Even before I moved to Silicon Valley, I was already learning all I could about The Industry. I was studying journalism and I wanted to work for someplace like Tech Crunch or Engadget, so I stayed up-to-date on the goings-on on the opposite coast. While I’ve never worked at a large publication such as those, I did work for a lot of tech companies, from publicly-traded giants to shared spaces in an incubator.
I’ve seen a lot of growth and a lot of failures. I’ve seen a lot of really dumb companies and some really brilliant ones. Over the years I’ve developed this 3-part test to determine if the company will succeed. You don’t need to throw together some crazy spreadsheet or study market trends, no math required. Think of it like the next step after an elevator pitch, your answers should be just as short and sweet.
[I’ll be using names of various companies in this post, sometimes as verbs and sometimes as names for their industry in general. Other times I won’t be using names at all. These aren’t endorsements or anti-endorsements or things like that. And let’s be honest, it’s impossible to have a meta discussion on startups without mentioning Uber.]
1: Can you explain your product to your grandmother?
This is in the vein of “don’t eat any food your grandmother wouldn’t recognize” (sorry, Go-Gurt), this forces you to distill your company into something that actual, real people can understand. We forget a lot that terms like “the Uber of [thing]” means nothing to a lot of people. The simpler a concept of a product, the more people are going to find a reason to use it. No one wants to feel like they need a computer science degree to work a smart-bulb.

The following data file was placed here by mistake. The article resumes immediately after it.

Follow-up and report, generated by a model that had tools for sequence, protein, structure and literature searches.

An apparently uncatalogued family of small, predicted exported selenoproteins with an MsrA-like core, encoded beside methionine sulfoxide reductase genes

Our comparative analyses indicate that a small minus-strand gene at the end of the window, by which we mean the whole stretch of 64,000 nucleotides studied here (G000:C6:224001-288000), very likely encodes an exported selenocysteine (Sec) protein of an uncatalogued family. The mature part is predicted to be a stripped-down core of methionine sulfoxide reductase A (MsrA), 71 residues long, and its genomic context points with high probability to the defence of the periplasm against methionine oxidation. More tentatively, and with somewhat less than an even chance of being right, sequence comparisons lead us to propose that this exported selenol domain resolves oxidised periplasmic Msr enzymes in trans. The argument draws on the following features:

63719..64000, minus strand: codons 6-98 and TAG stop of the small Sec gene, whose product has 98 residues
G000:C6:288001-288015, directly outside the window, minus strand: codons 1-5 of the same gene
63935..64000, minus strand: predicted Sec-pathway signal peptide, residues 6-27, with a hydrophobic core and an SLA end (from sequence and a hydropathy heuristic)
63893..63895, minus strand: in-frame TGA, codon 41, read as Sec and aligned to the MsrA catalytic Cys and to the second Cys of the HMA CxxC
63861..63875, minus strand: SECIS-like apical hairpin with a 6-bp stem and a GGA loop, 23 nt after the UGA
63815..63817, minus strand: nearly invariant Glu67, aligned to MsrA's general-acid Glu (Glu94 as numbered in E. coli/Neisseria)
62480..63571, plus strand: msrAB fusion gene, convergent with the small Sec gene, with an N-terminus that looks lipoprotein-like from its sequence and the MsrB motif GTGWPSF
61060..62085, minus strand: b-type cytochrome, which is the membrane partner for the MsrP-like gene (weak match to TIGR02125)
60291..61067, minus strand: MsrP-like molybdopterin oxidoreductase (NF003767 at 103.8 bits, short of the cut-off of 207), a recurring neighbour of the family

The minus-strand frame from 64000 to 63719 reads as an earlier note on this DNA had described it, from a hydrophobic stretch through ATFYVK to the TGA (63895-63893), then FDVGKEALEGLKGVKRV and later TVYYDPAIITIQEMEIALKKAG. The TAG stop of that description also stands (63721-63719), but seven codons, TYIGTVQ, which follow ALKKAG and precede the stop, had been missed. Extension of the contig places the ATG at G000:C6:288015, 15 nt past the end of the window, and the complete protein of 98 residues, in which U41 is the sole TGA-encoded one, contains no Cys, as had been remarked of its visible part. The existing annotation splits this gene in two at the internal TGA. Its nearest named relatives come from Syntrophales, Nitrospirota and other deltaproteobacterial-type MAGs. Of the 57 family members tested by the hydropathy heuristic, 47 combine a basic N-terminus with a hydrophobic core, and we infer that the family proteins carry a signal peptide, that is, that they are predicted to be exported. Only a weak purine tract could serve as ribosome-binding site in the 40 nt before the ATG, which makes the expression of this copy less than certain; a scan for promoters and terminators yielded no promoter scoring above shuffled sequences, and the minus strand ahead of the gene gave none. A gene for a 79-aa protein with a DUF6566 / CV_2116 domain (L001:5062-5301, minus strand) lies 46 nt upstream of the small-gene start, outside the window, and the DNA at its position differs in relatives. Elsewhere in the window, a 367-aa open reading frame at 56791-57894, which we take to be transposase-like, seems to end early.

They also need to do something that doesn’t already exist. If your grandmother will say “wait isn’t that just…?” then you have a problem. Also, most SaaS, such as Docker or Salesforce or even Cloudflare, would have trouble with this one. But those products aren’t for Regular People, like how an 18-wheel truck isn’t for Regular People, but a regular pick up truck could be. You can also think of this question as “can you explain what your job is to your grandmother?” Saying “I design the breaks for big-rig trucks” is understandable, as would be “I design tools that make it easier for companies to keep the Internet running.”
Amazon: It’s a catalogue, but online! And it has thousands of things! You can get weird things that you’d have to check 2-3 shops to find.
Netflix: They mail the DVDs to your house, no more going to Blockbuster! Which then turned to No more mailing DVDs! You get the movie as soon as you want to watch it!
Uber: You can call a taxi and it’ll know where you are. You don’t have to look up or remember phone numbers, so it’s great when you’re in a new city.
Any company that can only be described as “the [startup] of [startup]”. e.g. the Uber of WeWork (cloud kitchens)
Lunch delivery for employees to work through lunch: It’s catering….but they drive to your office and put it into the fridge for you. How is it different than regular catering?
Every company that cold-emails me because they see I work in digital marketing: Grandma only knows about one type of cookie and it’s not the one you’re telling me I need to buy.